Does your bank help lock up families?
Last year, Wall Street banks JPMorgan Chase, Wells Fargo, Bank of America, BNP Paribas, SunTrust, BlackRock, and U.S. Bancorp loaned millions to help finance private prisons and the immigrant detention industry (1). These banks are members of the “Million Shares Club” — investors who own shares in the biggest private prison operators, GEO Group and Core Civic (2).
Locking up communities is not just about politics, but about a perverse incentive for profit.
Private prisons are the primary beneficiaries of the current immigration debacle.
Over 60% of immigrant detainees are held in privately owned prisons and detention centers (3), placing them in direct opposition to policies for the humane treatment of immigrants and refugees. As the recent practice of family separation showed us — and audio of suffering children let us hear — these prisons show no mercy.
Trump's recent pledge to stop family separations demonstrated that public influence matters. However, separations are continuing and the fight for justice is not over (4). If the government had to do its own dirty work, rather than relying on private actors, it would be required to adhere to basic human rights standards and more directly face the fact that locking up people for what should be a civil infraction is not sustainable federal policy. And if private prisons didn't have $2B in annual contracts with ICE at stake (5), they wouldn't stand so firmly in the way of reasonable immigration and criminal justice policies.
Private prisons are incentivized to keep people incarcerated.
While recent conversations on immigration have highlighted the abuses perpetrated in private prisons and detention centers such as sexual violence (6), those aware of the history of mass incarceration know that these are just additional symptoms of the underlying problem: that private prisons are designed to be efficient at profiting from human bodies. They are unfortunately quite good at it.
When the private prison industry lobbies Congress, having invested over $25M over the past three decades, they are advocating "for their own existence," (7). This is despite documented evidence from the Department of Justice released under the Obama administration that private prisons are more dangerous for both inmates and guards. Subsequently, the Obama administration announced their intention to wind down use of private prisons... a move later reversed under Trump (7).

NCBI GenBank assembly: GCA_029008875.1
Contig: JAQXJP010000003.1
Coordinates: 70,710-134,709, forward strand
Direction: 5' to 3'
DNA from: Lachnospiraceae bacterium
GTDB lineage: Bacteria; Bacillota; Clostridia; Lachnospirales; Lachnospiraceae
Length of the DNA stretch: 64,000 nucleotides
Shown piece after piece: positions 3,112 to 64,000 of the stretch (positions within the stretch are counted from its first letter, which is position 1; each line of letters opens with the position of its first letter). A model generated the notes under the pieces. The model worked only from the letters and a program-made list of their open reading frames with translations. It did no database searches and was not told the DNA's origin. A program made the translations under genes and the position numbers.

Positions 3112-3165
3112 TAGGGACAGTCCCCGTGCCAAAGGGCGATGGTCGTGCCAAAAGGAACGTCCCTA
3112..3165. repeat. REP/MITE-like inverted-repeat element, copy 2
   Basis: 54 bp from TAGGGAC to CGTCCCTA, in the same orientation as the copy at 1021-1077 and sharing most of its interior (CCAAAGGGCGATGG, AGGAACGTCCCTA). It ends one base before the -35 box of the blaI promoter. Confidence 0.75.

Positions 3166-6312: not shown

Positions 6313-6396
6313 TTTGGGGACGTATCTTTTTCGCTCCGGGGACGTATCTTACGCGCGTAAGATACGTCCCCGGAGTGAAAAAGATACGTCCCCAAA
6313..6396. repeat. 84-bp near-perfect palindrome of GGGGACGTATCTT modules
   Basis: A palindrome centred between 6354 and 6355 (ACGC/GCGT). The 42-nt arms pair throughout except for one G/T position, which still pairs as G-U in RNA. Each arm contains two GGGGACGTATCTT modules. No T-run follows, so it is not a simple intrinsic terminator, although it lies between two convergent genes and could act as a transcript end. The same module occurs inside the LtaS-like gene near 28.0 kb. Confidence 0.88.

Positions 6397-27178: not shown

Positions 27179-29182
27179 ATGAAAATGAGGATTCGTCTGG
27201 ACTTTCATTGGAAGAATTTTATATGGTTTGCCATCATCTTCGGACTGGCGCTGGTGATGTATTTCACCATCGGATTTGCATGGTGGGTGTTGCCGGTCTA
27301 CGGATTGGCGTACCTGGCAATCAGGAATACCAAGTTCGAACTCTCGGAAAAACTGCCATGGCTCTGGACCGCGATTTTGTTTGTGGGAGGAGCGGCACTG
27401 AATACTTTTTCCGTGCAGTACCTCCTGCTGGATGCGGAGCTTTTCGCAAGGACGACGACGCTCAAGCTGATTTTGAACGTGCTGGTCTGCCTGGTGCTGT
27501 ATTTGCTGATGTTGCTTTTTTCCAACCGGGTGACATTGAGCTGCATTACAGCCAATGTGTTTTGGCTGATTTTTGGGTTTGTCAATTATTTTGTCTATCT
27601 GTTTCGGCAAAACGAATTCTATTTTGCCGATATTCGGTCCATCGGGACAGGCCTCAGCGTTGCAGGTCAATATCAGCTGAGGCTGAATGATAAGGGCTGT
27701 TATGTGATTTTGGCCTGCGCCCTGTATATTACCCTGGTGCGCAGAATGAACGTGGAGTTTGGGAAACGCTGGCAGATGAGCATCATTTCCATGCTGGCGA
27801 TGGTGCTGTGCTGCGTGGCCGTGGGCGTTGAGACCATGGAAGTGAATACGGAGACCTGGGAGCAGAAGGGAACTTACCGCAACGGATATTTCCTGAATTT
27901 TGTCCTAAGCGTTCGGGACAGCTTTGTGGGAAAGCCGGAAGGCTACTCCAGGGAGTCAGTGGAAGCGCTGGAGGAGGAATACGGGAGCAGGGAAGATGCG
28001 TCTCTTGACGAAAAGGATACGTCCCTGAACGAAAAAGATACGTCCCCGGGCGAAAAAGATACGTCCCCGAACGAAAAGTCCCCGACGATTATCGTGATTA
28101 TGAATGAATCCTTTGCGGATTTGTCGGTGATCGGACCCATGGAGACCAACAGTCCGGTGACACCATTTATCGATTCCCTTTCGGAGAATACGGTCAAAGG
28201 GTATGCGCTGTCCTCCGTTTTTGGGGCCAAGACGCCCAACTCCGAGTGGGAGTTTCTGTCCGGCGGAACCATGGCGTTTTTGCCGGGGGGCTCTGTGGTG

We know a better way.
It's now up to us as citizens, investors, and voters to keep the pressure on for change. We can create alternatives to incarceration, which focus on rehabilitation and restorative justice, not dehumanization and disregard. We can have greater community control over both policing and our prisons. We can support sentencing reform that gives people a fairer day in court. We can ensure that the private prison lobby can stop getting in the way of the will of the people.
Let's stop giving our dollars to banks that turn around and loan them to private prisons everyday.
And as we divest from private prisons, we can also support proactive investments into the type of industries that will uplift communities and create better opportunities for all people.
Ready to get your money out of private prisons? Join the pledge to make some #realmoneymoves.
- (1) In the Public Interest: https://www.inthepublicinterest.org/wp-content/uploads/ITPI_BanksPrivatePrisonCompanies_Nov2016.pdf
- The Center for Popular Democracy: https://populardemocracy.org/sites/default/files/20180427%20CBOH%20Digital.pdf
- (2) Federal Government Data analyzed by Freedom For Immigrants: https://www.freedomforimmigrants.org/detention-statistics/
- (3) CBS News: https://www.cbsnews.com/news/what-happens-now-to-2000-kids-already-separated-from-families-its-unclear/
- (4) NPR: https://www.npr.org/2017/11/21/565318778/big-money-as-private-immigrant-jails-boom
- (5) NBC News: https://www.nbcnews.com/storyline/immigration-border-crisis/sex-abuse-alleged-immigrant-family-detention-center-texas-n217166
- (6) Business Insider: http://www.businessinsider.com/private-prisons-lobby-for-their-own-existence-2016-8
- (7) Reuters: https://www.reuters.com/article/us-usa-prisons-idUSKBN1622NN